Making a difference in intercultural conflict: the Ballynafeigh centre in Belfast
To be meaningful, intercultural dialogue must involve citizens on the ground. While municipalities are closer to the citizen than states, even City Hall can seem remote from the perspective of the street. There, local NGOs are often a critical point of identification and, if they are committed to interculturalism themselves, sometimes they can facilitate dialogue in innovative ways.
Ballynafeigh Community Development Association in Belfast is an excellent example.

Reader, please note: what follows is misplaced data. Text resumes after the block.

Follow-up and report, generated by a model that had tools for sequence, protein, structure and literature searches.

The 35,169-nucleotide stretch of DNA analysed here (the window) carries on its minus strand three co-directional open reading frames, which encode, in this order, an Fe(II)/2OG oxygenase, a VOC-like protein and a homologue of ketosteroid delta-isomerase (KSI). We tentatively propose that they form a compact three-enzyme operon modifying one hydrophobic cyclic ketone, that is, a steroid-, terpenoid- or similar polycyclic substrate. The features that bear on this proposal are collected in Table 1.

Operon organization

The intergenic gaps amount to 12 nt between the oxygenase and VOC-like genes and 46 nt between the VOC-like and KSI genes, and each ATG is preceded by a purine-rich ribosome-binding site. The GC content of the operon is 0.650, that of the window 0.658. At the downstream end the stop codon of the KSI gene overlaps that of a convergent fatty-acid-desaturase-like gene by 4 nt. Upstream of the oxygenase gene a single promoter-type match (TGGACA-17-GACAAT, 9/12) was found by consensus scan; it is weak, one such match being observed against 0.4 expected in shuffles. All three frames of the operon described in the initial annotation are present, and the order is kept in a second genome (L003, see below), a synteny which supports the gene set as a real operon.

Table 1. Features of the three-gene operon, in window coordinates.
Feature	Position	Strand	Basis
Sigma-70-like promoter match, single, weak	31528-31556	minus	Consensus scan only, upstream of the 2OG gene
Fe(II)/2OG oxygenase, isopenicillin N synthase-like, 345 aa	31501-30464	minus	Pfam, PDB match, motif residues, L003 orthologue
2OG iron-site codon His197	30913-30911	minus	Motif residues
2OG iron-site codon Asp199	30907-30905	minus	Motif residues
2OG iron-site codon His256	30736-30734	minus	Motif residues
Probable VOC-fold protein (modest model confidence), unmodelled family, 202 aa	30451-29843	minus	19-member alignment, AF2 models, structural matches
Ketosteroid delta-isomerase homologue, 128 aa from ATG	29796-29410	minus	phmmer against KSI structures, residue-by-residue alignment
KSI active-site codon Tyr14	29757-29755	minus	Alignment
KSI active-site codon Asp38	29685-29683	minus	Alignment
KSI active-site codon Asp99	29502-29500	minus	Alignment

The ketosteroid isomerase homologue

The association was formed nearly four decades ago, as violence raged in the city, by residents anxious that this 5,000-strong religiously mixed neighbourhood should not become polarised. Since then BCDA has become the hub of a network of capillary links across Ballynafeigh and central to the management of its cultural diversity, which extends beyond Northern Irelandís conventional consideration of Protestants and Catholics to addressing a substantial ethnic-minority population attracted by the relative security of the area.
How the association has achieved this and the challenges it faces in the future were addressed in a report which, in treating Ballynafeigh as a case study in the pursuit of intercultural dialogue in an urban context, is of much wider interest.